|UNITED STATES OF AMERICA,
The government has filed a motion to enforce the plea agreement. Mr. Pereido-Canas' attorney filed a response stating that he "ha[d] carefully reviewed this matter and [could] find no basis for an appeal of the sentence imposed" or to oppose the government's motion to enforce the plea agreement. Response to United States' Motion to Enforce Plea Agreement at 3, 4. Counsel noted that Mr. Pereido-Canas received the sentence he requested and he waived his right to appeal that sentence. See id. at 3. This court gave Mr. Pereido-Canas an opportunity to file a pro se response to the motion to enforce. To date, he has not done so.
Nevertheless, we have conducted a review of the plea agreement, plea hearing transcript, sentencing hearing transcript, and motion to enforce. We conclude that the following three factors have been satisfied: (1) "the disputed appeals falls within the scope of the waiver of appellate rights"; (2) Mr. Pereido-Canas "knowingly and voluntarily waived his appellate rights"; and (3) "enforcing the waiver would [not] result in a miscarriage of justice." United States v. Hahn, 359 F.3d 1315, 1325 (10th Cir. 2004) (per curiam) (en banc). Accordingly, we conclude that Mr. Pereido-Canas's waiver of his right to appeal is enforceable.(2)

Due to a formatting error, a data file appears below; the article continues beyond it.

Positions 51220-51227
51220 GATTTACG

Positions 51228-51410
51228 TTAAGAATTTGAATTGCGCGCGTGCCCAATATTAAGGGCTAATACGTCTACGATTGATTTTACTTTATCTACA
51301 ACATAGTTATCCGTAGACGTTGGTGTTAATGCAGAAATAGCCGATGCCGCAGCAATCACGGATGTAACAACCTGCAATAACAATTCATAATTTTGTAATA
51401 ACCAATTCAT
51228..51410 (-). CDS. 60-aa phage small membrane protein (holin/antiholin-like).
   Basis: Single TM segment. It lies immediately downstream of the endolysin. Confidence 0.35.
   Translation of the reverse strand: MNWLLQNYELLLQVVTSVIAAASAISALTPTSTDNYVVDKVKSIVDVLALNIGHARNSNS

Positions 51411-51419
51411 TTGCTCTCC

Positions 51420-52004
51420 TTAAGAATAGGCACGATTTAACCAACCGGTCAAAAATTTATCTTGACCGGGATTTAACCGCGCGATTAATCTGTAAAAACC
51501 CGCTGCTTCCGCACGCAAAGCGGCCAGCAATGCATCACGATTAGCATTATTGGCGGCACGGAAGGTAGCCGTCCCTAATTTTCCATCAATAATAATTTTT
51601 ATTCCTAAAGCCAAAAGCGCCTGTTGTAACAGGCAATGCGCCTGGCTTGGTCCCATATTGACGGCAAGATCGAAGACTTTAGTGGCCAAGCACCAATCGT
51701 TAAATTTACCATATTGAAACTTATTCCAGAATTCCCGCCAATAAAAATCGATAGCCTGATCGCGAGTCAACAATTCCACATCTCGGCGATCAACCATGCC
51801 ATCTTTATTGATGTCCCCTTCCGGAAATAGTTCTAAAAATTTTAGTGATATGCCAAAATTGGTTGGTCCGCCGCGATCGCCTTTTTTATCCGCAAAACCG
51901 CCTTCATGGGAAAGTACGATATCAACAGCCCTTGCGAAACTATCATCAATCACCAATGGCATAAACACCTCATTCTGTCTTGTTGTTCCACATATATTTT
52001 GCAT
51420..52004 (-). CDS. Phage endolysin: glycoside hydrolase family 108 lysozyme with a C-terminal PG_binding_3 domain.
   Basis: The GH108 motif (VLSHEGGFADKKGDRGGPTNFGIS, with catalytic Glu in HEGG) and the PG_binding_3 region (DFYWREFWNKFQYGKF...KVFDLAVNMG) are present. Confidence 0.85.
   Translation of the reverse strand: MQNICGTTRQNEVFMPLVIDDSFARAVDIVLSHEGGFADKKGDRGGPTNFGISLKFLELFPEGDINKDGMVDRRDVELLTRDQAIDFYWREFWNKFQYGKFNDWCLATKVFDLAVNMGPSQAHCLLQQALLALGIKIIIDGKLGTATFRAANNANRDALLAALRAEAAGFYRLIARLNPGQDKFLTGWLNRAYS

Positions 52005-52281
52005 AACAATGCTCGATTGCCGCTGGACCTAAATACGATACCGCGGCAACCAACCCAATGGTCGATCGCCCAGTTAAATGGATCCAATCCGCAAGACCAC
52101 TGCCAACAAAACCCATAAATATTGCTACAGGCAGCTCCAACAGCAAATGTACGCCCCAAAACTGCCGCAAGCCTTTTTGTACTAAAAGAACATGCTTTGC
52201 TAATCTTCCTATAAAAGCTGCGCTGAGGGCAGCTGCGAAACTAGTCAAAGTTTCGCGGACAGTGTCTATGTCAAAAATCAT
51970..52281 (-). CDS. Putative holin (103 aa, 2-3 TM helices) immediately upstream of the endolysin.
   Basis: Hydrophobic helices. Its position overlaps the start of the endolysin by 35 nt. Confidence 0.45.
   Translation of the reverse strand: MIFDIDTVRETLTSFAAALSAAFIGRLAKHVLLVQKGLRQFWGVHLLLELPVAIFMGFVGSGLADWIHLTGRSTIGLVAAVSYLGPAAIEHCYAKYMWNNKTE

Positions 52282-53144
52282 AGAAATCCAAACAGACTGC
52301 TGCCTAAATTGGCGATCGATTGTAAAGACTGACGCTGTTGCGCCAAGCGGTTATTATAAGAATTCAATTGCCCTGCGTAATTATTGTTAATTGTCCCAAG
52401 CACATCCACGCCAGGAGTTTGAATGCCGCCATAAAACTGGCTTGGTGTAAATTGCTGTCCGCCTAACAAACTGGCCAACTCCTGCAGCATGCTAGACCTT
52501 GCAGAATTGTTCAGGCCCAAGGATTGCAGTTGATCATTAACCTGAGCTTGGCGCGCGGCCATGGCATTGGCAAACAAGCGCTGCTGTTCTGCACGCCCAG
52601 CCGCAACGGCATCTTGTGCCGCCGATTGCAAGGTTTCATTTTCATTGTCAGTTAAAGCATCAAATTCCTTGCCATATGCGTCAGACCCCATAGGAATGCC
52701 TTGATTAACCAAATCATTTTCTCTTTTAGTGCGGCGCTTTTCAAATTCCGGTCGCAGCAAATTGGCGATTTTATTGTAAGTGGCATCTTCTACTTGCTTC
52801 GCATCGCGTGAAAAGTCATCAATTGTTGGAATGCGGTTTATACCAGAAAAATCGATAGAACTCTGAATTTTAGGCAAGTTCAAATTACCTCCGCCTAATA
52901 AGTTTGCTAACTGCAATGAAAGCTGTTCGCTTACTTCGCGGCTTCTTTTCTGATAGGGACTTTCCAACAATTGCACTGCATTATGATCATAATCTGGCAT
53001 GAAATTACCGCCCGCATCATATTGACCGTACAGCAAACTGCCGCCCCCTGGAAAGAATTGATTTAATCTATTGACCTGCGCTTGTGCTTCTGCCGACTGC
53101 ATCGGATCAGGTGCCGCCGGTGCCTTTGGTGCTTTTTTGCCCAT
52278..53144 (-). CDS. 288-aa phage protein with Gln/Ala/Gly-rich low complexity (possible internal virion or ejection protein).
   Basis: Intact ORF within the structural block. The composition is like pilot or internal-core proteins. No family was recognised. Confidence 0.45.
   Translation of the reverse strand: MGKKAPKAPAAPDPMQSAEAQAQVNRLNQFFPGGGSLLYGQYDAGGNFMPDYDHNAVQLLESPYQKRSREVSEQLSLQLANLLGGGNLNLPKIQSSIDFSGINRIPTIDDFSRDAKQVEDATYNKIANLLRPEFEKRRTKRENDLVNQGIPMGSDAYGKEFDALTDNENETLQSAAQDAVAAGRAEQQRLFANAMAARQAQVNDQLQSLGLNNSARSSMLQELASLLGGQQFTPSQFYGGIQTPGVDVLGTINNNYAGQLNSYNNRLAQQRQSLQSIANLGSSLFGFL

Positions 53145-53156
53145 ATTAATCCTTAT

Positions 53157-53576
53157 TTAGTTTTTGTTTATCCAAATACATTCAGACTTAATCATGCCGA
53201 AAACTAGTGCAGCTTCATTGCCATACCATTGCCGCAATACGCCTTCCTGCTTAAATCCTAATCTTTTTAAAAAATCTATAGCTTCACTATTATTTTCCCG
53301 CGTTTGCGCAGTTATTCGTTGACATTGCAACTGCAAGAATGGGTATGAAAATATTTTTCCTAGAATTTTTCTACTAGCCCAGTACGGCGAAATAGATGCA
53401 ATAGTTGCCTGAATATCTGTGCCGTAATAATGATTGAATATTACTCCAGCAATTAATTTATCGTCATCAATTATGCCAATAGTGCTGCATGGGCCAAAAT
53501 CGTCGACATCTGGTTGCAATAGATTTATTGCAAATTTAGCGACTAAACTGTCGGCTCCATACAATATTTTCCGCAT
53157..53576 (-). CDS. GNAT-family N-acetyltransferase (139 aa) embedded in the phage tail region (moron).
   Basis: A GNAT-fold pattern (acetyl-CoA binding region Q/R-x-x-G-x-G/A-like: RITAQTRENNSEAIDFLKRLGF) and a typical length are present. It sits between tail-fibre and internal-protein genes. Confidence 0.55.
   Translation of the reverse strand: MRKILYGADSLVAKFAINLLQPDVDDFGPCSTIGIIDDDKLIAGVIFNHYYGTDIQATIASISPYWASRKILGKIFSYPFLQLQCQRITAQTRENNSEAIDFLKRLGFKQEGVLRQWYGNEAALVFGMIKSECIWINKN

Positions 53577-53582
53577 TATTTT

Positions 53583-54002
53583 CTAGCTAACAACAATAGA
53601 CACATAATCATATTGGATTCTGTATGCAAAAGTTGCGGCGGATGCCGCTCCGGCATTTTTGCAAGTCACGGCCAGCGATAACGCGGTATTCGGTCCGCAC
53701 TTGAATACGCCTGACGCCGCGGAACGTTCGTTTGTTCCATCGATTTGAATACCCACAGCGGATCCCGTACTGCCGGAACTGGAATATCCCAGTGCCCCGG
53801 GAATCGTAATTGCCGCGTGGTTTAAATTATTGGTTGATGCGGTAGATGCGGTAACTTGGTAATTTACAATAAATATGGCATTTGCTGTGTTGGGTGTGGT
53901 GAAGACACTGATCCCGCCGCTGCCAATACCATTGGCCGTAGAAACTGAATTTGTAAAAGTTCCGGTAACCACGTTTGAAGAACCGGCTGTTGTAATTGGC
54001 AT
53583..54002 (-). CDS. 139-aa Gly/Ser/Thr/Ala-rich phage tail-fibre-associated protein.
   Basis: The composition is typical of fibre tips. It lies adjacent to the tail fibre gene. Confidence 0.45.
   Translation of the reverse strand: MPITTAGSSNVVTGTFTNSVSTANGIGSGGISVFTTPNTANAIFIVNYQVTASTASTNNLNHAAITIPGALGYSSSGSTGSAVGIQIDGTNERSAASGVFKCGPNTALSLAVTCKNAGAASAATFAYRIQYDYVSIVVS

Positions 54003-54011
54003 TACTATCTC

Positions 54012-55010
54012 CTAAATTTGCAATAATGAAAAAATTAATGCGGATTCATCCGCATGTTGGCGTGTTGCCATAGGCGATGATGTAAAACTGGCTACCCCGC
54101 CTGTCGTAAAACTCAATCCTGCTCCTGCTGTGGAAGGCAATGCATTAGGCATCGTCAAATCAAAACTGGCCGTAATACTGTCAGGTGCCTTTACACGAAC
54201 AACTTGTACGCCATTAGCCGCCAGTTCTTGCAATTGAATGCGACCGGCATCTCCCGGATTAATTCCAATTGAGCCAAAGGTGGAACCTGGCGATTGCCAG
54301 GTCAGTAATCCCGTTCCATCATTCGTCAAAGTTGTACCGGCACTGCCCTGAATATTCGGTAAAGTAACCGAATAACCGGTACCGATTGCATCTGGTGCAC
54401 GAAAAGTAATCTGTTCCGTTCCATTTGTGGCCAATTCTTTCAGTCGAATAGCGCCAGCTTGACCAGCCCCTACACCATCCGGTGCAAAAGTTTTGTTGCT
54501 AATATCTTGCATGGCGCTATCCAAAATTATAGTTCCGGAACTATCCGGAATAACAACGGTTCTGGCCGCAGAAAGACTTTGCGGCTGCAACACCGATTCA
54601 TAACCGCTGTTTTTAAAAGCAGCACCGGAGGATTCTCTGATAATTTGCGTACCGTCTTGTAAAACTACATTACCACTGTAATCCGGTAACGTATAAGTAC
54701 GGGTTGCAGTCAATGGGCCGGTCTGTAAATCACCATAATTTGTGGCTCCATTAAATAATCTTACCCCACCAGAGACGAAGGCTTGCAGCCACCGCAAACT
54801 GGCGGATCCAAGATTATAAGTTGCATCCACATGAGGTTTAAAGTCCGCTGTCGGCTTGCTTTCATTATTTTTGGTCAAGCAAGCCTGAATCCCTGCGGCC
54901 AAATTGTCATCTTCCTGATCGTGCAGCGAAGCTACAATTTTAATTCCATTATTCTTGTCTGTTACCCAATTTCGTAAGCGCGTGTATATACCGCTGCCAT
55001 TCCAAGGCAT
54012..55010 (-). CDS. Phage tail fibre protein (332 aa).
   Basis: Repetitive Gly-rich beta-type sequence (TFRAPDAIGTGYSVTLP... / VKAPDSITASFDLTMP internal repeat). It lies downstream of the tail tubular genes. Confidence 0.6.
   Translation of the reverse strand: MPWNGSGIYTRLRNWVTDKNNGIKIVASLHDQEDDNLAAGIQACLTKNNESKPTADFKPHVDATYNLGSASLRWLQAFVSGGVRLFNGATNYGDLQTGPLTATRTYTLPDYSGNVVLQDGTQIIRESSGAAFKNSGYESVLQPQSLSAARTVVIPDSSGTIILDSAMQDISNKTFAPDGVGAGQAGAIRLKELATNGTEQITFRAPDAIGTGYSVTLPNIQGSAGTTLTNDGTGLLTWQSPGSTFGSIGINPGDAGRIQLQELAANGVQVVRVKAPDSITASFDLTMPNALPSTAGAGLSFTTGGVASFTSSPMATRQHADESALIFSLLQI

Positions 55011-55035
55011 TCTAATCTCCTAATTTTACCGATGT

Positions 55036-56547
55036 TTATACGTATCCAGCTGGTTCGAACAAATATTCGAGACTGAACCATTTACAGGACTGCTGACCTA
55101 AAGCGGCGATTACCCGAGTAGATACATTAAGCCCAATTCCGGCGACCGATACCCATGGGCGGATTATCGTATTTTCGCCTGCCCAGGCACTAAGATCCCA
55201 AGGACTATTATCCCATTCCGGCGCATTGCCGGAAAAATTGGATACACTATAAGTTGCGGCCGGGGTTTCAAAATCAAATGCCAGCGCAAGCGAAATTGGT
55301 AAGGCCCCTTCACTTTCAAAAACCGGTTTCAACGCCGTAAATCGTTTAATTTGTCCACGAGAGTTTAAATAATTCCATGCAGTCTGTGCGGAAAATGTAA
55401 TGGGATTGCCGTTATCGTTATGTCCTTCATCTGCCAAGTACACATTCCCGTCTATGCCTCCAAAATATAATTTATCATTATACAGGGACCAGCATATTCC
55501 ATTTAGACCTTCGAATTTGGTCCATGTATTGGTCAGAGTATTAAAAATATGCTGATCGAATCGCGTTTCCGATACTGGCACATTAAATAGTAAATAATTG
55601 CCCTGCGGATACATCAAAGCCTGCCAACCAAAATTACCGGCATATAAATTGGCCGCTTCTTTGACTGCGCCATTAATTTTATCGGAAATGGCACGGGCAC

We therefore GRANT the government's motion to enforce the appeal waiver and DISMISS the appeal. The mandate shall issue forthwith.
ENTERED FOR THE COURT
*. This panel has determined unanimously that oral argument would not materially assist the determination of this appeal. See Fed. R. App. P. 34(a)(2); 10th Cir. R. 34.1(G). The case is therefore ordered submitted without oral argument. This order and judgment is not binding precedent, except under the doctrines of law of the case, res judicata, and collateral estoppel. It may be cited, however, for its persuasive value consistent with Fed. R. App. P. 32.1 and 10th Cir. R. 32.1.
1. The applicable advisory guidelines sentencing range was fifty-seven to seventy-one months. Sentencing Tr. at 9.
2. Although Mr. Pereido-Canas' counsel states that there is no basis for an appeal, counsel does indicate that Mr. Pereido-Canas would argue that his fifty-seven month sentence was unfair and too long and that the enhancement based on a prior felony sale-of-marijuana conviction amounts to double punishment. Mr. Pereido-Canas, however, waived his right to make these arguments. In his plea agreement, he agreed not to "seek a downward adjustment . . . from the applicable sentencing guidelines offense level or criminal history category as determined by the Court." Plea Agreement at 4. This waiver included any claim that the criminal history category overstated the seriousness of his prior criminal history. Id.